Are you ready for organizing your life? How do you know when you are ready to organize? As a Personal Organizer I know when you are ready for organizing your life because I am trained to listen carefully to what you say and even what you don’t say. I can sense that you are ready from our first contact because of the things that you share and the questions that you ask. For instance, you begin by sharing why you called, what is driving you mad, and how you’ve tried to organize it yourself. You candidly use words such as stress, overwhelm or frustration. The person who is ready for organizing his or her life is not only focused on the problems or pain, she is already aware of two critical factors: 1. “I know the value and benefits of organizing and how it will positively impact me, my relationships, and increase my productivity.” 2. “I don’t have the time or interest in doing this myself.” You know that you are ready, too! You make the call and have your calendar in hand. Scheduling is one of the most critical organizing skills.
Personal Organizer’s Time Management Tips for Work-Life Balance As a Personal Organizer I help others to manage their time in order to have more of a work-life balance. Time Management is NOT about getting more done and cramming every minute of your waking day. Time Management is about achieving a work-life balance by creating time for activities that benefit your quality of life, well being, and your relationships. As a Personal Organizer who specializes in time management coaching I remind others that “your planner doesn’t know the difference between your personal and professional time commitments!” The Time Management coaching process starts with the assessment of what is working, and what is not working. From there, we create a weekly plan that is realistic and adaptable. Planning enables you to make decisions about scheduling and how to use your time effectively, this includes scheduling unscheduled time. Sounds great, right? Read on for more information. Effective planning requires you to organize: Your tasks and commitments, work with deadlines, and break the larger tasks into smaller, more management mini-projects. Let’s look at the basic process and steps for planning. Step 1: Write out each of your goals Step 2: Break them down mini goals or projects Step 3: Determine the action steps – everything that you need to do to accomplish each goal or mini project Step 4: Estimate how much time the goals and mini projects will take; schedule adequate time on specific days for each one Example of a DYI mini project 1. Goal: organize all photos into albums by groups (family or work), individuals (family and friends) starting with most recent photos by the end of June 2015. 2. Purge: discard photos that are duplicates or blurry. 3. Sort: create boxes for photos in each group or individual category. 4.… read more →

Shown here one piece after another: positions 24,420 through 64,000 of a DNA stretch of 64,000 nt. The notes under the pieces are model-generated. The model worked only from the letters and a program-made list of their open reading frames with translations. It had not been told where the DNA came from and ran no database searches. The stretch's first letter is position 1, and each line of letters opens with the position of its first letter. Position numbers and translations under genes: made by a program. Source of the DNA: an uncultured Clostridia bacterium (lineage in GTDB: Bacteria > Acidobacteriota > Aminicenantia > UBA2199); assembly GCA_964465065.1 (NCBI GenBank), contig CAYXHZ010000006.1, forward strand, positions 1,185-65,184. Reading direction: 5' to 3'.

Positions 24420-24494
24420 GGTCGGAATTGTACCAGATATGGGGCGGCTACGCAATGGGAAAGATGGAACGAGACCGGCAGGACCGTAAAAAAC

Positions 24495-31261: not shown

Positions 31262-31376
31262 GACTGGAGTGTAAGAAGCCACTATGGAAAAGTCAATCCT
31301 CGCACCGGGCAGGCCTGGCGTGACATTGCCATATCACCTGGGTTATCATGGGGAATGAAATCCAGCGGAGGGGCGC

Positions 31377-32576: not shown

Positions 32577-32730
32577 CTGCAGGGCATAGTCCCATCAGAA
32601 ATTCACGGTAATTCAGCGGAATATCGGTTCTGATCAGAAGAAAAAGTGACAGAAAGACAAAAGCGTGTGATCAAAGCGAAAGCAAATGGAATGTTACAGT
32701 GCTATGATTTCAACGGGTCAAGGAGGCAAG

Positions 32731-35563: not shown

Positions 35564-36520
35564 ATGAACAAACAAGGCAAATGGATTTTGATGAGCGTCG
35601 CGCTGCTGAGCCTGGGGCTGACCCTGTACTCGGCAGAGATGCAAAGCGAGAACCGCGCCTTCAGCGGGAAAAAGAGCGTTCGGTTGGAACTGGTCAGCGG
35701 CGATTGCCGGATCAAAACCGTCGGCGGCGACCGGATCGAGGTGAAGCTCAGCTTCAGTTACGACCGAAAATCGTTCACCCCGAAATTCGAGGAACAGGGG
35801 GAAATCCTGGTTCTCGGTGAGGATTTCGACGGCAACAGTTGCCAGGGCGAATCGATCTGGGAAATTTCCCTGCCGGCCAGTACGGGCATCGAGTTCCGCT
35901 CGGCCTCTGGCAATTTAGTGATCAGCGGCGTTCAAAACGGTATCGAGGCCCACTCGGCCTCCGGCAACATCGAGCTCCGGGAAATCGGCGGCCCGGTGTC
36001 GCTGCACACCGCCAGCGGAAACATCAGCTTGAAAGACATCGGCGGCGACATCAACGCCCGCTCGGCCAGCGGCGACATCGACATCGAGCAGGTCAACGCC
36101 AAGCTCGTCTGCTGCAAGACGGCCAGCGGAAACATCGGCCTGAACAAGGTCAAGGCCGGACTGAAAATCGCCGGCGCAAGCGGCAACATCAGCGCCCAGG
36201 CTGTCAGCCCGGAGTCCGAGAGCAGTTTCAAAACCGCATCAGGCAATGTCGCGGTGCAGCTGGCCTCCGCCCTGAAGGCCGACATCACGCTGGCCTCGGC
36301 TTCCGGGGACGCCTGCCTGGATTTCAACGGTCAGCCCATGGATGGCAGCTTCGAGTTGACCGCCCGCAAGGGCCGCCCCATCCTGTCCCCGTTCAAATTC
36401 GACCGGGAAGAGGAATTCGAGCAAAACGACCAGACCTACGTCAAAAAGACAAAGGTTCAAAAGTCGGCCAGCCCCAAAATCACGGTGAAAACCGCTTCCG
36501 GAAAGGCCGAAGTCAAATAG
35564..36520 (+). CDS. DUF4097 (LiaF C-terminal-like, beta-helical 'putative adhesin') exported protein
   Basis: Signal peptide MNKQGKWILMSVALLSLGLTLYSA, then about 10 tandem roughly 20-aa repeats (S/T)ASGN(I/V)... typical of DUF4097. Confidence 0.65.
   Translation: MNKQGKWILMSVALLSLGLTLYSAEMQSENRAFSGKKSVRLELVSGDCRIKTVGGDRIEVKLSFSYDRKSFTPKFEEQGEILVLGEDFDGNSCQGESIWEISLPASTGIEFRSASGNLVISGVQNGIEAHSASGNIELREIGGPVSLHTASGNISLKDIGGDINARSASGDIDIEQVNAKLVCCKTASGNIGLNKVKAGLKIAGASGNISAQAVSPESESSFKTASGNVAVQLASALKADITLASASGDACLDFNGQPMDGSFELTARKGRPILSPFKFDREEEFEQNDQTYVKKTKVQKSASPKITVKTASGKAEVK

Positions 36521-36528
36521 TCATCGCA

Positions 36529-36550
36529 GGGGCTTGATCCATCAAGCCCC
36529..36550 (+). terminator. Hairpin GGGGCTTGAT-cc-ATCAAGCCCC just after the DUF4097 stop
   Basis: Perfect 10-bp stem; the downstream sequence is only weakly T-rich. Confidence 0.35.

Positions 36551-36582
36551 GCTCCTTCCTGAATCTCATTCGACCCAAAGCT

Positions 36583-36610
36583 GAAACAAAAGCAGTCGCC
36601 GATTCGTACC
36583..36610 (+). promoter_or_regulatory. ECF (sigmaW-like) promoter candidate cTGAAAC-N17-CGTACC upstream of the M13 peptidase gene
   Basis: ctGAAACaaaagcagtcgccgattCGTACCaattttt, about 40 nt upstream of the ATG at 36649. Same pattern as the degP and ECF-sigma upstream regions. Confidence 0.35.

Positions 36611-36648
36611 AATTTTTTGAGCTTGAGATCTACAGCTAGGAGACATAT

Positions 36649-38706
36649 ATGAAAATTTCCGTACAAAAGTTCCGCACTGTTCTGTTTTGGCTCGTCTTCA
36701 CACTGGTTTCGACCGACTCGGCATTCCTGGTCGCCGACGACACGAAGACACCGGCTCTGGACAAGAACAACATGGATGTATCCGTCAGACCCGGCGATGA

Those who know how to organize have a plan! As the end of winter approaches you may be looking for organizing tips to help you get a jump start on spring. Now is always the right time to get organized. Before you go out and buy those storage containers, bins and labels it’s wise to have a plan. Remember that a to-do list is NOT a plan. Planning requires 3 general parts: A goal, action steps that are goal-driven, and timelines. Increasing your productivity means clear priorities. Don’t get overwhelmed, pick the most important projects. What projects do you need to make a plan for? Here are some of the frequent answers that I hear: Professional and personal decluttering and organizing: Organizing past tax files and documents Declutter and organize files Establish a tickler file system Create a system for follow up & accountability Personal interests: Create a regular exercise schedule Take more weekend getaways Organize my photos In my next post I will share my step by step process and an example of how put the process into action.